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Haro v. Sebelius

United States Court of Appeals, Ninth Circuit

September 4, 2013

Patricia Haro; John G. Balentine; Jack McNutt; Troy Hall, Plaintiffs-Appellees,
v.
Kathleen Sebelius, Secretary of the United States Department of Health and Human Services, Defendant-Appellant.

Submitted February 14, 2013

Argued December 5, 2012 San Francisco, California

Amended January 2, 2014

Appeal from the United States District Court for the District of Arizona D.C. No. 4:09-cv-00134-DCB David C. Bury, District Judge, Presiding

Alisa B. Klein (argued) and Mark B. Stern, Attorneys; Tony West, Assistant Attorney General; Ann B. Scheel, Acting United States Attorney, United States Department of Justice, Civil Division, Washington, D.C.; William B. Schultz, Acting General Counsel; Margaret M. Dotzel, Deputy General Counsel; Janice L. Hoffman, Associate General Counsel; Carol J. Bennett, Deputy Associate General Counsel for Program Integrity; Leslie M. Stafford, Attorney, United States Department of Health and Human Services, Washington D.C., for Defendant-Appellant.

Gil Deford (argued) and Wey-Wey Kwok, Center for Medicare Advocacy, Willimantic, Connecticut, for Plaintiffs-Appellees.

Barbara Jones, AARP Foundation Litigation, Pasadena, California; Iris Y. González, AARP Foundation Litigation, Washington D.C.; Michael Schuster, AARP, Washington D.C., for Amicus Curiae AARP.

Before: Barry G. Silverman, Ronald M. Gould, and Morgan Christen, Circuit Judges.

SUMMARY [*]

Medicare

The panel amended an opinion filed September 4, 2013, vacated injunctions entered by the district court, and reversed the district court's summary judgment entered in favor of a nationwide class of Medicare beneficiaries in an action brought by the beneficiaries, and a named plaintiff's attorney, challenging the Secretary of Health and Human Services' practice of demanding "up front" reimbursement for secondary payments from beneficiaries who have appealed a reimbursement determination or sought a waiver of the reimbursement obligation.

The district court enjoined the Secretary from seeking up front reimbursements of Medicare secondary payments from beneficiaries who have received payment from a primary plan if they have unresolved appeals or waivers, and enjoined the Secretary from demanding that attorneys withhold settlement proceeds from their clients until after Medicare is reimbursed. The panel held that plaintiff Patricia Haro demonstrated Article III standing on behalf of the class of Medicare beneficiaries, and Haro's attorney independently demonstrated standing to raise his individual claim. However, the panel concluded that the beneficiaries failed to satisfy the channeling requirement at the administrative level, and therefore the district court lacked subject matter jurisdiction pursuant to 42 US.C. d 405(g). The panel reached the merits of the attorney's claim, but concluded that the Secretary's interpretation of the secondary payer provisions was reasonable. The panel remanded for consideration of the appellees' due process claim.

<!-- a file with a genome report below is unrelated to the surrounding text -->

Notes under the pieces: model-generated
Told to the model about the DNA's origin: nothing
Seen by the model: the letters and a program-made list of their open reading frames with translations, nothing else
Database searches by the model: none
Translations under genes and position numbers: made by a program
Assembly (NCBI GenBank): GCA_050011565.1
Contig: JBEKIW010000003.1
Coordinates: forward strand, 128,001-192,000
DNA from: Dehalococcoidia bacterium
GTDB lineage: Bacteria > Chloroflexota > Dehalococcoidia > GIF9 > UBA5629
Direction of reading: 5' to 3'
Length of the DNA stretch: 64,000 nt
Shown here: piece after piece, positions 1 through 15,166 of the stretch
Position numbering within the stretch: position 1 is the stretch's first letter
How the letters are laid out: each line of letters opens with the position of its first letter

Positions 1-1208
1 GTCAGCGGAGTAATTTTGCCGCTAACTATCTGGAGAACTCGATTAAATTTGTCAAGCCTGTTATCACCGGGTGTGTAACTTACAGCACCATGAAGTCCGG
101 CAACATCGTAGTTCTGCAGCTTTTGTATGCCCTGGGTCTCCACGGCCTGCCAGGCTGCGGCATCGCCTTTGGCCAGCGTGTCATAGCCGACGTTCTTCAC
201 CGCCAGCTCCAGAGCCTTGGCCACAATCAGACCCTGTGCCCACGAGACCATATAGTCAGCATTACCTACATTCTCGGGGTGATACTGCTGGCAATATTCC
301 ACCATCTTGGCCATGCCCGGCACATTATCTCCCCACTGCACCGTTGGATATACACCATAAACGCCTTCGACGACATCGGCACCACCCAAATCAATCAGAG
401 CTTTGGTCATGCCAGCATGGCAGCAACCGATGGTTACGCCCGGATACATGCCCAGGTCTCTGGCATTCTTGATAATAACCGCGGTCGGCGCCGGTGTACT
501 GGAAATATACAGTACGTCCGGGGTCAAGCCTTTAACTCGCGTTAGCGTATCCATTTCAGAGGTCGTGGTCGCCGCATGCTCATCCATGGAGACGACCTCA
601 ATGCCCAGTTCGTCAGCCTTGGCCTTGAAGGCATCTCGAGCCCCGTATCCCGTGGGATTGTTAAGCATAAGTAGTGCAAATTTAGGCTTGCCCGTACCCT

ORDER

The opinion filed on September 4, 2013, and appearing at 729 F.3d 993, is amended as follows:

On page 5 of the slip opinion, replace the third sentence of the first paragraph with the following language:

But we conclude that the beneficiaries failed to satisfy the channeling requirement at the administrative level and therefore the district court lacked subject matter jurisdiction pursuant to 42 US.C. § 405(g).

On page 5 of the slip opinion, in the fifth sentence of the first paragraph, replace the word "beneficiaries' " with the word "appellees.' "

On page 10 of the slip opinion, in the second full sentence appearing on the page, replace the word "beneficiaries" with "plaintiffs."

On page 23 of the slip opinion, replace footnote 8 with the following language:

The beneficiaries also cite, inter alia, Mathews v. Diaz, 426 US. 67 (1976), Briggs v. Sullivan, 886 F.2d 1132 (9th Cir. 1989), and Lopez v. Heckler, 725 F.2d 1489 (9th Cir. 1984), vacated 469 US. 1082 (1984). But these cases pre-date Illinois Council, 529 US. 1 (2000).

On page 24 of the slip opinion, replace heading i with the heading "Haro's February 2, 2009 letter did not satisfy the channeling requirement."

On page 24 of the slip opinion, in the first sentence in subsection i, replace the word "presentment" with "channeling."

On pages 25 of the slip opinion, replace the last two paragraphs of subsection i with the following language: